Monticello means “the little mountain,” in Italian. When Thomas was fourteen years of age, his father, Peter Jefferson died. Peter left about 3000 acres of land and about 30 slaves for Thomas. At the age of twenty six, Jefferson started constructing Monticello. As in those days there were few architects in Virginia, he learnt architecture, reading then famous books like Andrea Palladio’s The Four Books of Architecture. He gained knowledge about principles and design from reading these books.
02. Controversial personal life
Thomas Jefferson was a politically renowned personality but his personal life was always in controversy. Who doesn’t know the famous Jefferson-Hemings controversy? It was said that Jefferson fathered children with Sally Hemings, who was a slave at Monticello. It is also said that she looked alike to his wife Martha Jefferson. Though the Y-DNA tests of one of Sally’s son indicated a genetic link between the Jefferson and Hemings descendants, the controversy later continued.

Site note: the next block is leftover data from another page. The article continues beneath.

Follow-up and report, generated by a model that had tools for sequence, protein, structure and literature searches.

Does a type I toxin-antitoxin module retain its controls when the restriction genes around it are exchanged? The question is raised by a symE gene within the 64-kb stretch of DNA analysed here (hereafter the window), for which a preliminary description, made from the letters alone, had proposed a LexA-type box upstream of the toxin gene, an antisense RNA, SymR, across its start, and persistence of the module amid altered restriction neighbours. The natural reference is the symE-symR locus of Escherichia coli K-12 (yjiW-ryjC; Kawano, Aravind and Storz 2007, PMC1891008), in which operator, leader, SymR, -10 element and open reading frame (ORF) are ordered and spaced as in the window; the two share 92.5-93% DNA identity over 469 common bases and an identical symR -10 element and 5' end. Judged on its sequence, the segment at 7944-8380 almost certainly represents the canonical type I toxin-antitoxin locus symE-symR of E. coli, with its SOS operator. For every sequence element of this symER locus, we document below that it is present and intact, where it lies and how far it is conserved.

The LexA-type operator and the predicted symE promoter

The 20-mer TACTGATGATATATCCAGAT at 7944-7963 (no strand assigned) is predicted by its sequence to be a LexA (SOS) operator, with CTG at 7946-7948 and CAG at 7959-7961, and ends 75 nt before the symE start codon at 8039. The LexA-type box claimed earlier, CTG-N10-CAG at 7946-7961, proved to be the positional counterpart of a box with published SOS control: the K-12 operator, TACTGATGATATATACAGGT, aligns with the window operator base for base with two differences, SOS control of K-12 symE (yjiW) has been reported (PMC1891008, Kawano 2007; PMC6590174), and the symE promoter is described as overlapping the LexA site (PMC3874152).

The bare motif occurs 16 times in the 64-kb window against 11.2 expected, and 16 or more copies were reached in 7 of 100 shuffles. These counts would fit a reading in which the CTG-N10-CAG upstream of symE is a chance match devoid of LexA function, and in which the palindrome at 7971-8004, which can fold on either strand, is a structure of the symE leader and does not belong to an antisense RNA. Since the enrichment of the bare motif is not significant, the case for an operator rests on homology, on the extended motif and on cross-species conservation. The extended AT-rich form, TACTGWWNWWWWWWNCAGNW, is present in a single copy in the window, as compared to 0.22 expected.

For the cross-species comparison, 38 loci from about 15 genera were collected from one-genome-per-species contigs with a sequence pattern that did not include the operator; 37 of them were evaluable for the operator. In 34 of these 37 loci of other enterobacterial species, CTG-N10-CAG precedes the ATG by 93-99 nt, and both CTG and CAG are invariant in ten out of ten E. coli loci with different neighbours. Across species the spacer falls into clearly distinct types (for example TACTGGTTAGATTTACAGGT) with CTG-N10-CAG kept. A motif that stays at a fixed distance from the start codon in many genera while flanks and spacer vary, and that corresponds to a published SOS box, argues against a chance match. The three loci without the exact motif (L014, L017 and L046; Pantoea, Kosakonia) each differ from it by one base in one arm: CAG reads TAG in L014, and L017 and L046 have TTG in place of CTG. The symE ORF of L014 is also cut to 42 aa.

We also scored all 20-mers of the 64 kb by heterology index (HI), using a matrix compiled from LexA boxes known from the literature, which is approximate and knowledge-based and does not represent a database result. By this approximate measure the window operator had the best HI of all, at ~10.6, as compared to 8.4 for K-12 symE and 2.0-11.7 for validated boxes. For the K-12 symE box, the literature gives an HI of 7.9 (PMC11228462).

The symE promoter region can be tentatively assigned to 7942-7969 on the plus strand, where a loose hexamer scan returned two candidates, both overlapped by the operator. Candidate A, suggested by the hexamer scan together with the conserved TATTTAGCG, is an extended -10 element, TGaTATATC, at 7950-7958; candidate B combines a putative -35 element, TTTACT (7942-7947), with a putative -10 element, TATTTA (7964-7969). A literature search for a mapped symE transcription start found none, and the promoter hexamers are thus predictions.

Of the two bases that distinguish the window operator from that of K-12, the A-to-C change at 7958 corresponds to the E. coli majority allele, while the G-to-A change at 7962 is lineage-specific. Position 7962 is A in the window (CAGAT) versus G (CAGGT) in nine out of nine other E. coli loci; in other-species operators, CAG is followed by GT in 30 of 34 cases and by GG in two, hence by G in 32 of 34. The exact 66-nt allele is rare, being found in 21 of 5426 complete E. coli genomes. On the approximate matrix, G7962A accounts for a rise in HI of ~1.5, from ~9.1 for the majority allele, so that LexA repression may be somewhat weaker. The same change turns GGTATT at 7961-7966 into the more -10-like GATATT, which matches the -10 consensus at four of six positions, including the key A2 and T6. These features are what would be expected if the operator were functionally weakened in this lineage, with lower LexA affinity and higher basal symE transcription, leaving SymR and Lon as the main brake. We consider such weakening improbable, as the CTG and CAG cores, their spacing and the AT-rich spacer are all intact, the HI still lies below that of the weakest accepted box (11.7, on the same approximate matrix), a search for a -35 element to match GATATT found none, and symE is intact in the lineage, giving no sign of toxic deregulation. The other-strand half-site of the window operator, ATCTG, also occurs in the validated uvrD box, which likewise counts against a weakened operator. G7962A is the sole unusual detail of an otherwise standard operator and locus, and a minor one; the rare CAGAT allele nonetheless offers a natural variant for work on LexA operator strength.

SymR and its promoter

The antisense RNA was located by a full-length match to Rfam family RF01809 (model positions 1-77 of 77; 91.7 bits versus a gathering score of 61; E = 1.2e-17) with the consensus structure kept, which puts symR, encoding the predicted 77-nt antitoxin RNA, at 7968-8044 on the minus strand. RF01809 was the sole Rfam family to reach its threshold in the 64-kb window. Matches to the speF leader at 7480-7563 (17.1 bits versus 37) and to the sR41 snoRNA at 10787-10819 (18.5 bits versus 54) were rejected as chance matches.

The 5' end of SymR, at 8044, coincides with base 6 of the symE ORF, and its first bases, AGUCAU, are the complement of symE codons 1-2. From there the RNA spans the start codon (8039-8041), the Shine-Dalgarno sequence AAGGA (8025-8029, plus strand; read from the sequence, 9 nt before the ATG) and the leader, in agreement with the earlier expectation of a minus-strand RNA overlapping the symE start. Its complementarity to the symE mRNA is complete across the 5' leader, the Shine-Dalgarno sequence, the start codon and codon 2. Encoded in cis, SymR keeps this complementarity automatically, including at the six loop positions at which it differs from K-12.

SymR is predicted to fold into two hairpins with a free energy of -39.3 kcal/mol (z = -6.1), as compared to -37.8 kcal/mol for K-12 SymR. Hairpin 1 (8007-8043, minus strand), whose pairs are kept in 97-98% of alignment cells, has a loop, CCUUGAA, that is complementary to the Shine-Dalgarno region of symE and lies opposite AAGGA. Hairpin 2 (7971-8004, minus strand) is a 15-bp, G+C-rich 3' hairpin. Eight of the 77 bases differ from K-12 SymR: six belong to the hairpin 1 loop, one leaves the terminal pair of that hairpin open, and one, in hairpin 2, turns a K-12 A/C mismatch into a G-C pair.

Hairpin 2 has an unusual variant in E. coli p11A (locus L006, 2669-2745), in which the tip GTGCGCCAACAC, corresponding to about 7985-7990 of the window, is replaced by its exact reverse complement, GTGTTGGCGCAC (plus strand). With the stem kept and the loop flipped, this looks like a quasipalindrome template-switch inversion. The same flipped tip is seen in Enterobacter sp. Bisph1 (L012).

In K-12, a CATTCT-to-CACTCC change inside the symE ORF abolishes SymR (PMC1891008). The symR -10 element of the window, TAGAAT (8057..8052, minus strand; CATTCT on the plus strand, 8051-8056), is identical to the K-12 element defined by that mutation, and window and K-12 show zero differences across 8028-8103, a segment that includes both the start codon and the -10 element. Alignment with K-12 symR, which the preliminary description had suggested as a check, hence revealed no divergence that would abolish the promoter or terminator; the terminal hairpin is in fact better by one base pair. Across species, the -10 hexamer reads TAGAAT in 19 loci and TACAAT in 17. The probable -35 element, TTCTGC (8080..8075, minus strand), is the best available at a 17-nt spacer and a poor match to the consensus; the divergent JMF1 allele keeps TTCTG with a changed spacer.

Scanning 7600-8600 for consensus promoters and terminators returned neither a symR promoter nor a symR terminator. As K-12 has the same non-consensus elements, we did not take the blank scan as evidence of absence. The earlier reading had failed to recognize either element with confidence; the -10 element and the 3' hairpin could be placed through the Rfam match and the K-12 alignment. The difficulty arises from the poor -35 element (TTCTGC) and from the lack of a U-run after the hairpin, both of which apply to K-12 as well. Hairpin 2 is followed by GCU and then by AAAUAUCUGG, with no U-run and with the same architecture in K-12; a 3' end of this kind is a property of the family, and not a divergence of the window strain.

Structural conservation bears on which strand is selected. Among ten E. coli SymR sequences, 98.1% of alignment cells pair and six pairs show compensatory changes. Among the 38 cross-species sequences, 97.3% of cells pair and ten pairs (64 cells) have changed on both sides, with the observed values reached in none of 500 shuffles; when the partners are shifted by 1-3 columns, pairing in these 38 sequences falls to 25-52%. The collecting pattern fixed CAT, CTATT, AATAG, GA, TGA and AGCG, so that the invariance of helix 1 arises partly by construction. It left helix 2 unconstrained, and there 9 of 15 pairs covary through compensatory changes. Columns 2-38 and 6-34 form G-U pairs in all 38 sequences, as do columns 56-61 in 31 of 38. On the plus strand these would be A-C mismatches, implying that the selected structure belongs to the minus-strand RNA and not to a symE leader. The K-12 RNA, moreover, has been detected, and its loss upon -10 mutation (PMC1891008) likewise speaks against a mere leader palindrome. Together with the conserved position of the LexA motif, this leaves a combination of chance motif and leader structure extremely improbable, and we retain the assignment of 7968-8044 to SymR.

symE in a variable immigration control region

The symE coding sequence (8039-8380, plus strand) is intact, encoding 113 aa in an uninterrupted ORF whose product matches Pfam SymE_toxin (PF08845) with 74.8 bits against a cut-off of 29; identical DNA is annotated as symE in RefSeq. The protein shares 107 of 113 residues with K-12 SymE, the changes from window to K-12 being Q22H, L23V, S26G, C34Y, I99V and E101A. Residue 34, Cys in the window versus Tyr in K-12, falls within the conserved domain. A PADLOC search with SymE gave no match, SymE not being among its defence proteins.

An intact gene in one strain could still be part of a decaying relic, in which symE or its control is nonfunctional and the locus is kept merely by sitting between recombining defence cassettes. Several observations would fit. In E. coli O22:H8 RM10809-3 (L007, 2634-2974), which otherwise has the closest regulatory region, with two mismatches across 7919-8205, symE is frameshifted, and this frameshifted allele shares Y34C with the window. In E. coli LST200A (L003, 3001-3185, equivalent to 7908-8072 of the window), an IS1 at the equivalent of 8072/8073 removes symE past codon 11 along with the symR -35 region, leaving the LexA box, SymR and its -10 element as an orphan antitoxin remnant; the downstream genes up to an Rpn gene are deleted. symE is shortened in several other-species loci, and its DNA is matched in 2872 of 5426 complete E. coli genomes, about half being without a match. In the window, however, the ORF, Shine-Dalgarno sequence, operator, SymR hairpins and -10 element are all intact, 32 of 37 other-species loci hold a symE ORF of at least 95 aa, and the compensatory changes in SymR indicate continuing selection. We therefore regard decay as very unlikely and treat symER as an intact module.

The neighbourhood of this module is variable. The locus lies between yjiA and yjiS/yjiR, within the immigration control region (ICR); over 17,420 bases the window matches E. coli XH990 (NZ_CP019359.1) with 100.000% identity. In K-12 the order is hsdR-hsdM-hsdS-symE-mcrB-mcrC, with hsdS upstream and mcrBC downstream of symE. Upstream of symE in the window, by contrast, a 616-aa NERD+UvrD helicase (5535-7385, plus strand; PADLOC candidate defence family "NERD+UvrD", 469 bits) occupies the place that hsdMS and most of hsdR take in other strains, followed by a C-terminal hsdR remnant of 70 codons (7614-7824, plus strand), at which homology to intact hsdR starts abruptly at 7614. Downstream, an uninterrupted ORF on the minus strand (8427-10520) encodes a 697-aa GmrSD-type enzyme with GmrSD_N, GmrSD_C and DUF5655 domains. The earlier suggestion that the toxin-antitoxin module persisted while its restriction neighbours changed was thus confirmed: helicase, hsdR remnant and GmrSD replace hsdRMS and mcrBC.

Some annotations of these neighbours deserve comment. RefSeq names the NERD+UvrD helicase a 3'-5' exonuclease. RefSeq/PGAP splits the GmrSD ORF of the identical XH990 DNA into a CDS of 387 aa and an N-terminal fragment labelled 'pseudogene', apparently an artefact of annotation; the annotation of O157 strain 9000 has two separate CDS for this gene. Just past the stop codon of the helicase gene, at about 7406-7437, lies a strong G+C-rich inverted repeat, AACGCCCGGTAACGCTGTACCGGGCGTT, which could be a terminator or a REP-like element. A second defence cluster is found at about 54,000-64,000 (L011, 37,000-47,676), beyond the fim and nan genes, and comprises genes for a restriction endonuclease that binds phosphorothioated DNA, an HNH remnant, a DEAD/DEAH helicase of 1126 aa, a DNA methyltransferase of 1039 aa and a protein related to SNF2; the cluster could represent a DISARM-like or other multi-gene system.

Jefferson also became attached to Maria Cosway, who was highly educated, Italian born, widower. They were into intimate relationship which later continued, lifelong. Jefferson wrote a 4000 word love letter to Maria, which is well known his “Dialogue of the Head vs. the Heart”.
Jefferson was elected as a president from 1801and continued to served until he was succeeded as president in 1809 by his friend James Madison. Thomas did not like to follow for etiquettes unlike the preceding president John Adams. Jefferson arrived alone on horseback without any guards or escort at the inauguration ceremony. He had worn plain attire and retired his own horse to the nearby stable. When he assumed his presidential office, there was a 83 million dollar national debt. In his tenure, he channelled the purchase of Louisiana Territory from France. This added 883000 square miles to the United States.